You’ve heard it here before, that when I see other bloggers use superlatives when they describe a dish, I pay attention. Not only did the originator, Emily at fiveandspice wax glorious about it, but Amanda & Merrill at Food52 did too. That was enough for me to decide to make it. What clinched it was seeing a package of ground lamb at the market and that was that. The original called for fresh spinach. Well, I had arugula instead, but I doubt that would have made much of a taste difference. And, as I mentioned above, I used different pasta (farfalline instead of orzo). The original title is “Greek” Lamb with Orzo. The Greek part is all the Greek-style additions: Feta, olives, lemon juice, oregano, but otherwise it’s an Italian style ragu. The back story of the recipe is just the kind of history I love. The recipe came from Emily’s mother, from a magazine, and it was a family favorite. Here’s what she said: It was also the recipe she sent to each of us [kids], successively, when we needed something easy but impressive to cook for friends in college. It’s still one of my favorite meals, and a wonderful way to easily serve a crowd. Of course, as I’ve evolved, my lamb with orzo has evolved as well, gathering additional ingredients and spices like a glacier gathering stones. . . . I loved that last phrase Emily wrote – gathering ingredients and spices like a glacier gathering stones. I think Emily needs to be a writer . . .

The sauce is relatively easy to make – lamb browned, most of the fat drained, onions and garlic added, then tomatoes, seasonings (including some cinnamon and ground coriander, which are different). The pasta is made and tossed with some oil and lemon juice. When you spoon the ragu on top of the pasta you garnish with Feta cheese crumbles and Kalamata olives. Done. Serve.

What’s GOOD: I refused to put down my spoon until every single morsel was slicked off the plate. Does that tell you how good it was? The other great thing? One pound of lamb makes enough sauce to serve 8, supposedly. Hungry eaters? Well, maybe 6 then, but it’s very filling and comforting food. A definite make-again dish. My DH thought it was fabulous too. It’s going onto my Carolyn’s Favs list, in case that is any additional motivation for you to make this!
What’s NOT: nothing, other than you will dirty up a fair number of dishes, pots and pans in the making of it. Worth it, but then I don’t wash the dishes, my darling DH does. He did complain a bit.

printer-friendly PDF – created using Cute PDF Writer, not Adobe
MasterCook 5+ import file – right click to save (remember where), run MC, File|Import

* Exported from MasterCook *

“Greek” Lamb Ragu on Pasta

Recipe By: Food52
Serving Size: 8

1 pound ground lamb
1 tablespoon olive oil
1 large yellow onion — finely chopped
6 cloves garlic — sliced thinly
2 teaspoons ground cinnamon
1 teaspoon dried oregano
1 1/2 teaspoon ground cumin
2 teaspoons ground coriander
1/2 teaspoon crushed red pepper
28 ounces whole tomatoes — drained and smooshed with your hands
14 ounces canned tomatoes — chopped/diced
5 ounces fresh spinach — chopped [I used arugula]
1 pound pasta — orzo suggested [I used farfalline, and I used 3/4 pound]
2 cups chopped fresh parsley
1/4 cup lemon juice — freshly squeezed
2 tablespoons olive oil
salt and pepper — to taste
1/4 cup kalamata olives — pitted and finely chopped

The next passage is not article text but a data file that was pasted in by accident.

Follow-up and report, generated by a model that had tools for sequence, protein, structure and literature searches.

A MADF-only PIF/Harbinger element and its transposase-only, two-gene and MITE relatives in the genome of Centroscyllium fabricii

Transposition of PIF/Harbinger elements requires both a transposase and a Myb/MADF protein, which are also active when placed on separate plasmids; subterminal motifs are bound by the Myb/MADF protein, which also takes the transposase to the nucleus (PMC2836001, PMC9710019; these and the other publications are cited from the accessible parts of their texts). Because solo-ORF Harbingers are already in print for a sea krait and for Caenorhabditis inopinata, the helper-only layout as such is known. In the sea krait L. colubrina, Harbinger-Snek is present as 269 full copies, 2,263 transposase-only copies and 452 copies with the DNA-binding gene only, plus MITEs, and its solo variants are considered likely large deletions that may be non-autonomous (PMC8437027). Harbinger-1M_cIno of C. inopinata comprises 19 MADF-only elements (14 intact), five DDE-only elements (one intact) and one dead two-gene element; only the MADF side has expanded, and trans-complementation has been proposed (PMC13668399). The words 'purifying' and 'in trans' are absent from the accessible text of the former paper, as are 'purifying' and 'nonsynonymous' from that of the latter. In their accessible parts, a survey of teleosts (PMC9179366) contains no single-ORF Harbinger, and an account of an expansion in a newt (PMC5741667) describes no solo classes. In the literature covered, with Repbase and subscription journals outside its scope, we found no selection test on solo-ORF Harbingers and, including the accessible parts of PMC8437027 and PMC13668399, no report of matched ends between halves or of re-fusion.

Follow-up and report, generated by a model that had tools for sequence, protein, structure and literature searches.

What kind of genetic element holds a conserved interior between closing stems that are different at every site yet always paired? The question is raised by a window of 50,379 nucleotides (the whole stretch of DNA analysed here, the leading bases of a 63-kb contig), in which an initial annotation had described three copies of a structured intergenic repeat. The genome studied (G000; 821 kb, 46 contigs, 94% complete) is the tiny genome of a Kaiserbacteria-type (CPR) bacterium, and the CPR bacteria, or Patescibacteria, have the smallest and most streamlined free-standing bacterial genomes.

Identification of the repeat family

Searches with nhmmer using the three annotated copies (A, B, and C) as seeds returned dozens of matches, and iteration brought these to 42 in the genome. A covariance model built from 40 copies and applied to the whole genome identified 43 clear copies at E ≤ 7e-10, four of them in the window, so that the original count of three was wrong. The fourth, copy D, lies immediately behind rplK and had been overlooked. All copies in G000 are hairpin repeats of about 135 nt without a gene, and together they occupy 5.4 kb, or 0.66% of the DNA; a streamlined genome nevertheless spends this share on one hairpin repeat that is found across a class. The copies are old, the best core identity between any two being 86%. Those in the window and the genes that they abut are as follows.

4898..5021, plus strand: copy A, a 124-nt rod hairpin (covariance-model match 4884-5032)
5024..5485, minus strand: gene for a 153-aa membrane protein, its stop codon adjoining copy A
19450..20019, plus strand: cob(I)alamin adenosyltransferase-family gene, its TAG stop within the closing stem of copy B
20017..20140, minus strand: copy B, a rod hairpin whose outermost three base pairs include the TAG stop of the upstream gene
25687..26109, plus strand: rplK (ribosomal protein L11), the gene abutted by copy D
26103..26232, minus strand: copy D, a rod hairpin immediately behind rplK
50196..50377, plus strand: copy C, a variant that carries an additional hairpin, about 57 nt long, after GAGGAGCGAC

1/2 cup feta cheese — crumbled [I used more]

Note: If you have hungry young people, maybe you’ll use all the pasta – I think 3/4 pound of pasta is sufficient for the volume of sauce. I also used more Feta than indicated.

1. In a good sized Dutch oven or other heavy bottomed pan, heat the one tablespoon of olive oil over medium-high heat until it is shimmering. Add the lamb and sprinkle with 1/2 teaspoon of salt and a good grinding of black pepper. Cook, stirring to break it apart, until it is nicely browned. Remove the lamb with a slotted spoon and drain all but 2 tablespoons of the fat.
2. Return the pot to the stove top and add the onion and garlic (still over medium-high). Cook, stirring occasionally, until they are softened and golden, about 5 minutes. Stir in the spices (cinnamon, oregano, cumin, coriander, and red pepper) and cook until they start smelling extremely toasty and fragrant (1-2 minutes). Then, stir in the smooshed tomatoes.
3. Cook the smooshed tomatoes in the spices, stirring occasionally, for 10 minutes. Then, add the can of diced tomatoes and 2 cups of water. Bring to a boil, then turn down to a simmer and simmer, uncovered, for 15 minutes.
4. Add the cooked lamb back to the pot, give a good stir, then cover the pot and leave it to cook, stirring from time to time, for 20 minutes. At this point, stir in the fresh spinach and cook just a couple more minutes until the spinach is wilted. Taste and add salt and pepper to taste (keeping in mind you’ll be sprinkling just a touch of feta and olives on, which will add to the saltiness).
5. While the lamb and tomatoes are simmering together and marrying their flavors, bring a large pot of well-salted water (it should taste like sea water, basically) to a boil. Add the orzo and cook until al dente, about 7 or 8 minutes, usually. Reserve 1/2 cup of pasta water.
6. Drain the orzo. Toss the orzo with the 2 tablespoons of olive oil, the lemon juice, and all of the parsley, adding a bit of pasta water at a time, if you feel it needs additional liquid.
7. Spread the orzo out on an enormous serving platter. Spoon the lamb and sauce all over the top, then sprinkle with the feta and chopped olives. Pass the dish around the table and relax. A good red wine, on the dry side, is a highly recommended companion here.
Per Serving (you do pour off excess fat, so this is a bit high): 513 Calories; 24g Fat (41.7% calories from fat); 21g Protein; 55g Carbohydrate; 5g Dietary Fiber; 50mg Cholesterol; 366mg Sodium.